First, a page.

Everyone in the NHL always says: Give rookies and sophomores the chance to play, and let the veterans coach them along the way as to what is right or wrong.
The Montreal Canadiens have been doing just that.
There are a lot of people in the younger generations out there who never got a chance to see the Habs' dynasty of the 1970s.
The best source these kids have is what is found in history books, videos, or from older people who got to see them win their five-straight Stanley Cups.
Montreal is typically named one of the hardest cities to play in—mainly because of the "boo-birds," as their fans are called. If there is any team in the league whose players are under immense pressure to not only compete but perform, it would have to be the Habs. If a third-line skater makes a tiny mistake, it leaks into the media. If they do something phenomenal, it's all over the media. Anything they do can't be done without the pressure of people wanting to know more.
I've heard people on many different sites and from many different sources that Guy Carbonneau is a bad coach for the Habs and why Bob Gainey is a unfit GM. What they fail to realize is that these two men are rebuilding the team without saying much—by letting their actions do the talking.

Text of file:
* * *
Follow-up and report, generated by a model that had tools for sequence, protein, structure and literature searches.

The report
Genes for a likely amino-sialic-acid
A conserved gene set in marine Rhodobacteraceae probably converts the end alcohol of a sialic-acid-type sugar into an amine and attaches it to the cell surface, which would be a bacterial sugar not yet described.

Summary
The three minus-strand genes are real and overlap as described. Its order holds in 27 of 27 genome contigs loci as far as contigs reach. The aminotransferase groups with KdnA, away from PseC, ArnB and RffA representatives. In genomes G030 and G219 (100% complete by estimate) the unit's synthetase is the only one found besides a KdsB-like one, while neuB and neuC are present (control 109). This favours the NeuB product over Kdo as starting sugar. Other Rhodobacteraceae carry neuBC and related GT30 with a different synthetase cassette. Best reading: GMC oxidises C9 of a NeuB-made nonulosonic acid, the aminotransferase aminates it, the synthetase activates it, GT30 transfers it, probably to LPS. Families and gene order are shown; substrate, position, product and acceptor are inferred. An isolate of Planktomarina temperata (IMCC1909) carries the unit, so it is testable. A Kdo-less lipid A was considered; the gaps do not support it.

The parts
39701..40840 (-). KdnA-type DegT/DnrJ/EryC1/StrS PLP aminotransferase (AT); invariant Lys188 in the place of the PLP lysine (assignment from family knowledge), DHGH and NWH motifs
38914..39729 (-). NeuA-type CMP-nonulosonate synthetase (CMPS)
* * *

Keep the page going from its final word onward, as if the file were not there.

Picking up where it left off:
They've start their tenure by picking up good prospects in the entry draft, players in which they see potential—even if they're not a top-30 pick. Then they let these players develop in the college leagues or their AHL affiliate. Once they have developed fully enough to enter the Bell Centre, they call them up.
Take a look at all of the players this year who are new to the team or only in their second year with the team: Latendresse, Lapierre, Price, Chipchura, Grabovski, Kostitsyn, Locke, O'Byrne, and Halak. The now-regulars like Kostitysn, Price, and Latendresse have been living up to the expectations the team and the fans had for them.
Latendresse is a powerful force who can throw a few crushing blows and still score goals. Sure, Price hasn't been perfect in goal—but how much can you expect out a rookie goalie?
And Sergei Kostitsyn fits in just fine on his older brother Andrei's team. Both Kostitsyns have a great deal of speed, which is what has always been needed by the Habs.
Try to name another team with nine prospects in their line-up, who are the reason they've been performing as good as they have been—I bet you couldn't.